After dinner, we headed down to the Singapore Repertory Theatre at Robertson Quay for Re:Mix, a new musical by local musician/artiste/showman Dick Lee and performed by the young people's group of the Theatre. The music was catchy and I was laughing really hard at the song "Teenage Sex Dream" (about, predictably, young men's idealised version of women and sex), but the plot wasn't too great. First of all, it's tricky having a musical that hinges on teenage angst. Secondly, it's trickier when there's all this angst is played out on stage: the protagonist's boyfriend is trying to cheat on her, her sister also has a fake ID to get into the club and all sorts of sisterly rivalry rises to the fore, there's an attempted rape and so on. I really think it's hard to play out so many issues effectively in a short musical (and it was slightly shorter than the average musical). I never figured out why the protagonist and her boyfriend even started dating, since she was a goody-goody-two-shoes, he seemed to be a hornier-than-average teenage male, and they didn't seem to have anything in common. Why was the protagonist best friends with the other lead, since the latter was in so many ways the diametrical opposite of a good-goody-two-shoes? Too many unexplained relationships, and way too much angst, all flying fast and furious in a dance-club environment. It didn't work; there wasn't enough to lift the story beyond the realm of the stereotypical. And I suppose it's ultimately difficult to create significance out of an experience when the musical's message seemed to be that the very experience was meaningless.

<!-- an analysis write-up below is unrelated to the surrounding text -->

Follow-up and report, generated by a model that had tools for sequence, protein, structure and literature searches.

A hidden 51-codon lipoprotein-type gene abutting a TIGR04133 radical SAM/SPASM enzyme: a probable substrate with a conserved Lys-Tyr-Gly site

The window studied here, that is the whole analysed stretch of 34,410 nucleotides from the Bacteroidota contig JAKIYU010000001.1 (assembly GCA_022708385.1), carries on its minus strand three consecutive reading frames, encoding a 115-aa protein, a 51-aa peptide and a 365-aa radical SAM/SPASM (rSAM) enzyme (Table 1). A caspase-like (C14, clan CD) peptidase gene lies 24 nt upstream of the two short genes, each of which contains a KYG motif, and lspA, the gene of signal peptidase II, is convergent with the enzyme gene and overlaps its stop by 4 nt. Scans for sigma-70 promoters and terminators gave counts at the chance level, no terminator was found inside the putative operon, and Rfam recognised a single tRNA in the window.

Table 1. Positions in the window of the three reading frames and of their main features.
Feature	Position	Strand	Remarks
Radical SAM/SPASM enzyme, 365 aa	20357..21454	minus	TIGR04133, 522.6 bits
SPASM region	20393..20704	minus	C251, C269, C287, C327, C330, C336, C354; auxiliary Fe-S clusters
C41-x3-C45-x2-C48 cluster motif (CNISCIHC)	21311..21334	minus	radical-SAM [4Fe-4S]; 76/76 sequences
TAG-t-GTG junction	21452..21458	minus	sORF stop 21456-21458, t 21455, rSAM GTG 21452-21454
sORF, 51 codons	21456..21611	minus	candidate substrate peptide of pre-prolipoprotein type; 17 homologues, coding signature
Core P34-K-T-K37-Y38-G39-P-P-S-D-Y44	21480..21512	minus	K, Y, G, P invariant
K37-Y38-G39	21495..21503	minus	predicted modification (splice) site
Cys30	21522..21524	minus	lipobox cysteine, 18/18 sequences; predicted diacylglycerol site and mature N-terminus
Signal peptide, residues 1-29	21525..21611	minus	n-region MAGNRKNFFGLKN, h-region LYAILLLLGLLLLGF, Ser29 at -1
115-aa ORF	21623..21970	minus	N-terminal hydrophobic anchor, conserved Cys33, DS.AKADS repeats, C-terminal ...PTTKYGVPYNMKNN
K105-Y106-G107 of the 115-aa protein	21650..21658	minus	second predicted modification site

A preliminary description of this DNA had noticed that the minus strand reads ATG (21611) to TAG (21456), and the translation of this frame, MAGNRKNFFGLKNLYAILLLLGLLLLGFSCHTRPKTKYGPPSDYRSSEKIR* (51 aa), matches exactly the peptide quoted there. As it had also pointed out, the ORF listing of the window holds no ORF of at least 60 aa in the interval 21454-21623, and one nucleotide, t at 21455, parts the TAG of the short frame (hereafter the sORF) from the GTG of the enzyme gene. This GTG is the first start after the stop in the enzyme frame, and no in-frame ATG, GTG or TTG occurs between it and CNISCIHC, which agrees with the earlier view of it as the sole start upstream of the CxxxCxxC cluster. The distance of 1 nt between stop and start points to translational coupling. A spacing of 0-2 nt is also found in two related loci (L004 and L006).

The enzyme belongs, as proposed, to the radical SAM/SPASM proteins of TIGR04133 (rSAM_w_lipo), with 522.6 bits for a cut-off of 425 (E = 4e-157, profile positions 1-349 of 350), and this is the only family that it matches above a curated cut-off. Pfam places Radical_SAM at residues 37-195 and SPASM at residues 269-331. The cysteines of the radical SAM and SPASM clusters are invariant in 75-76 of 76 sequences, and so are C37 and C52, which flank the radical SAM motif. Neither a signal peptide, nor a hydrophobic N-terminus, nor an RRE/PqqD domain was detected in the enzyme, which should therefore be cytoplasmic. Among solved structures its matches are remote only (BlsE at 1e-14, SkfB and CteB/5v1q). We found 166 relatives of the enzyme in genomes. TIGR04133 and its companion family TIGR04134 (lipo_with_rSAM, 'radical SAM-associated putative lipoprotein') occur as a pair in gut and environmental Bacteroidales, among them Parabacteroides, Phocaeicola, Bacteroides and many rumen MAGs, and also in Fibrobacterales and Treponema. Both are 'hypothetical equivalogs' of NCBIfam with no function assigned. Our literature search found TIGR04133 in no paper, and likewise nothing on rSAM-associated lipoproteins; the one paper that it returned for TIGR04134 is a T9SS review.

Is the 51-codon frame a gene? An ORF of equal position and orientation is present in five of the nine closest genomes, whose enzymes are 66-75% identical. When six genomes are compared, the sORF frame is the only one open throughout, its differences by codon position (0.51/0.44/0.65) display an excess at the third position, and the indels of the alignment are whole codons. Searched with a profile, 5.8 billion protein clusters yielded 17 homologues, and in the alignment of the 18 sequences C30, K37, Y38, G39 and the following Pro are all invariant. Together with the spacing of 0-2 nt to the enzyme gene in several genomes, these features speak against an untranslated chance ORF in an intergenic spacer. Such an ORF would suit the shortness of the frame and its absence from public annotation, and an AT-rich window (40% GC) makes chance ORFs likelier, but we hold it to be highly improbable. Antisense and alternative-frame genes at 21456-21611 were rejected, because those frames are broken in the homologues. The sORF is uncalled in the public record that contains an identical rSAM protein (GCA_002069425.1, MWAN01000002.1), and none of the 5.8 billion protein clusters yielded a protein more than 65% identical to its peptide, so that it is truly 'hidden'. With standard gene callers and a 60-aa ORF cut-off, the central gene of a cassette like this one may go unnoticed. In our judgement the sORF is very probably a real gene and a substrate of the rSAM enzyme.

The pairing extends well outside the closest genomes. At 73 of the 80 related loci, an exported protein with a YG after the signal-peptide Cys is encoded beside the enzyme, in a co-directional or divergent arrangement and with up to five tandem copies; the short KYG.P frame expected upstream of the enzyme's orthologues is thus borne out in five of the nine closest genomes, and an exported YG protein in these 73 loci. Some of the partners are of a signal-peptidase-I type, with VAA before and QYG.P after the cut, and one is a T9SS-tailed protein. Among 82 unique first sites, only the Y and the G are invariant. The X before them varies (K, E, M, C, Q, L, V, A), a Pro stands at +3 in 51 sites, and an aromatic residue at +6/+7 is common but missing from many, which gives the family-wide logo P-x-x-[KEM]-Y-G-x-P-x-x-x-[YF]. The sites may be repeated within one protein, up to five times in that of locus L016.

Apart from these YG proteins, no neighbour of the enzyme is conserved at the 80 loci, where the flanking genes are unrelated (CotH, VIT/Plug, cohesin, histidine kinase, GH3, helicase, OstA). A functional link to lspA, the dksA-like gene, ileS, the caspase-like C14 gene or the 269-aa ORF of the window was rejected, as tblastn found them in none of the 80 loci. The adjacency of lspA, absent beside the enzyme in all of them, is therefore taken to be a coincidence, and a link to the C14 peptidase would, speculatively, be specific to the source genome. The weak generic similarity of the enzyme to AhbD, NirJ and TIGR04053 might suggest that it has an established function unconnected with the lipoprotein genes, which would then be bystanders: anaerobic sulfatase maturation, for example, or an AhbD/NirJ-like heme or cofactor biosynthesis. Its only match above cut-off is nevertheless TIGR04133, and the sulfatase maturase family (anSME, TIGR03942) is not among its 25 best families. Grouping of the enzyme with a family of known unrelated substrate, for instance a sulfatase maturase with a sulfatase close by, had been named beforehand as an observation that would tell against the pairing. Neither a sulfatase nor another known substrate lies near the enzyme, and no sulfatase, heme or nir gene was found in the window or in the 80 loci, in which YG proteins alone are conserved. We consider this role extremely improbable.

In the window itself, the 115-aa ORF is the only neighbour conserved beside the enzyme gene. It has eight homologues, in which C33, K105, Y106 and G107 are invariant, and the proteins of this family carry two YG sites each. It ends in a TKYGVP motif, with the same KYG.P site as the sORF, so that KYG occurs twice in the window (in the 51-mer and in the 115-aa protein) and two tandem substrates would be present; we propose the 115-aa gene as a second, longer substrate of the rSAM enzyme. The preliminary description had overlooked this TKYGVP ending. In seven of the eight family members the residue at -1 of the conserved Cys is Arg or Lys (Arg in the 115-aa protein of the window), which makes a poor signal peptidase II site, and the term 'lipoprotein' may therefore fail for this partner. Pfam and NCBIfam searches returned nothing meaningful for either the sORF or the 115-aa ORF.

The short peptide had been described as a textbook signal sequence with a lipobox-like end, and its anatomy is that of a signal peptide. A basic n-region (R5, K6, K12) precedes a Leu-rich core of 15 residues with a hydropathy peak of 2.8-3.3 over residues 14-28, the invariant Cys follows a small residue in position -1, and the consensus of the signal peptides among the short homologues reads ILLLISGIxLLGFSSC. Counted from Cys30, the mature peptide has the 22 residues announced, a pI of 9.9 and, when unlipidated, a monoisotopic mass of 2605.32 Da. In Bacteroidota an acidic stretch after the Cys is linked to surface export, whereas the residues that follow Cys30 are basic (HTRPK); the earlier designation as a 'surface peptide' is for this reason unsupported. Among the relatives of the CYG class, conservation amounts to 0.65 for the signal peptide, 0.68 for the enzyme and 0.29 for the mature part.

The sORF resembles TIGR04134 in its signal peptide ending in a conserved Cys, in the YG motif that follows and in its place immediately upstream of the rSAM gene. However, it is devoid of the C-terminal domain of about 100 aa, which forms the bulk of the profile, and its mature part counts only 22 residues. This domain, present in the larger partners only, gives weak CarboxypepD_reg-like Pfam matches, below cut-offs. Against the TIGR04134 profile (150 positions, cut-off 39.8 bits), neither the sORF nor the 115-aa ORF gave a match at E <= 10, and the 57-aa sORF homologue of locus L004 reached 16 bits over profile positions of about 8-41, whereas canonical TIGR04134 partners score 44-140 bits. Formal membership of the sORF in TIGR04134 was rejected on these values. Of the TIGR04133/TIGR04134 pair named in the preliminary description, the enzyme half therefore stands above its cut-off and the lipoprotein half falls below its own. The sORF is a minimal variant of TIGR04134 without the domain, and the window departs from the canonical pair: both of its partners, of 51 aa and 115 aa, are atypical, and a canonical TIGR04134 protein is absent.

But the music was fun, most of the singing was better than I expected, if not always sharply articulated, and the choreography worked quite well. The only really energetic dancer was, predictably, the guy who's had some overseas experience. Everyone else looked too much like they were limply dancing in a club rather than dancing in a club-in-a-musical. Our friend commented that some of the dancing was typical Dick Lee, but I admit to not knowing what that means since the only other musical of his I've seen was Hot Pants and I honestly don't remember it.